Reality

I would love an M9 Titanium in black paint. I generally shy away from shiny cameras for my work. The less attention, the better considering some of the environments I work in. Titanium is wonderfully strong and light and is the perfect metal for these tools of ours. Alas, it’s expensive and harder to work with, needing special tooling. The M9 Titanium also has a special hard coating which is applied in Switzerland, so this camera, even if mass produced will never be cheap. Still, as a photographer, a black, or very dark and matt coloured Titanium Leica would be fabulous.

Test images shot with a Leica M9 Titanium. Photographer Brett from the Leica Akademie. November 12, 2010. Photo: Edmond Terakopian

The current M9 Titanium is a thing of beauty. Everything about it is pure elegance; not just elegance though as it’s combined with absolute usability and stunning design which marries the aesthetic with the practical. As someone who prefers black, I can look at this camera and I still appreciate it’s gorgeous looks and even the colour. How good does it feel? Just think about my earlier comment that it makes the regular M9 feel cheap.

For a set of picture taken with and of the Leica M9 Titanium, please visit my Flickr page.

©Edmond Terakopian

Leica S2 Review

My name is Edmond Terakopian and I love Leica. There, I’ve said it. However, as with any relationship involving the heart, all has not always been perfect. I loved my M4-2 and my M6. I loved my 21mm Elmarit, 35mm Summicron, 50mm Summicron and didn’t mind my 75mm Summilux. Didn’t ever like the 90mm Summicron or 35mm Summilux (but the ASPH version was ok). Also, I loved my R6.2 and the 28mm and 90mm Elmarits I had for it, but hated my R4. Phew, I feel better getting that off my chest.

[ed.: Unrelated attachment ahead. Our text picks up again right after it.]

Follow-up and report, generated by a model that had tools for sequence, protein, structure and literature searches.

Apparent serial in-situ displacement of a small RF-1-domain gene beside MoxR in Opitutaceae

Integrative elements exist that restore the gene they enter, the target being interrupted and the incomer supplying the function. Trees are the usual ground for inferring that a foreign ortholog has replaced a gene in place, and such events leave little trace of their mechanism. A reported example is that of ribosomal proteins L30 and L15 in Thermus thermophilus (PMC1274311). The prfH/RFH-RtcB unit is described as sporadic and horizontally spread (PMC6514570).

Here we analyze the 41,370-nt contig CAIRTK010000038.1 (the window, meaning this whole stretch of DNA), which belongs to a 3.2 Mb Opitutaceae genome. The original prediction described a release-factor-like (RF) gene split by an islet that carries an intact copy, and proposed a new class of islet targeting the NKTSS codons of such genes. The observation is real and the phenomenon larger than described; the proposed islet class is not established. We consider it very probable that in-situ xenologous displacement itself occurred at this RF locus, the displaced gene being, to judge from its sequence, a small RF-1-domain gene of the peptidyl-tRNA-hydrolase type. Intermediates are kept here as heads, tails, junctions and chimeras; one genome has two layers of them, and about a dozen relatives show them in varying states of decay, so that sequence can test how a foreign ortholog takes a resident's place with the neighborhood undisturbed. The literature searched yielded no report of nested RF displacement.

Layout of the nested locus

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As with most people who have used or follow Leica, every once in a while the company makes a decision which just leaves one speechless. Some of the bizarre limited editions are one such thing (pushing up prices across the range and more or less guaranteeing that working photographers will no longer be able to afford the standard cameras) and strange things like the R8 and R9 and the Digital Module R. The M8 and M8.2 followed bringing for me a head scratching response. Then the most bizarre and unbelievable news that Leica were going to bring out a medium format SLR! I didn’t believe it, thinking it was a hoax. It became apparent that it was true though. I was so saddened. For me, Leica has always really been about the M range and I’ve always wanted a proper digital M – thankfully the M9 has now answered that prayer (however at a price). Still, I wished that Leica would stop wasting money and effort on lost causes and just concentrate on the M range.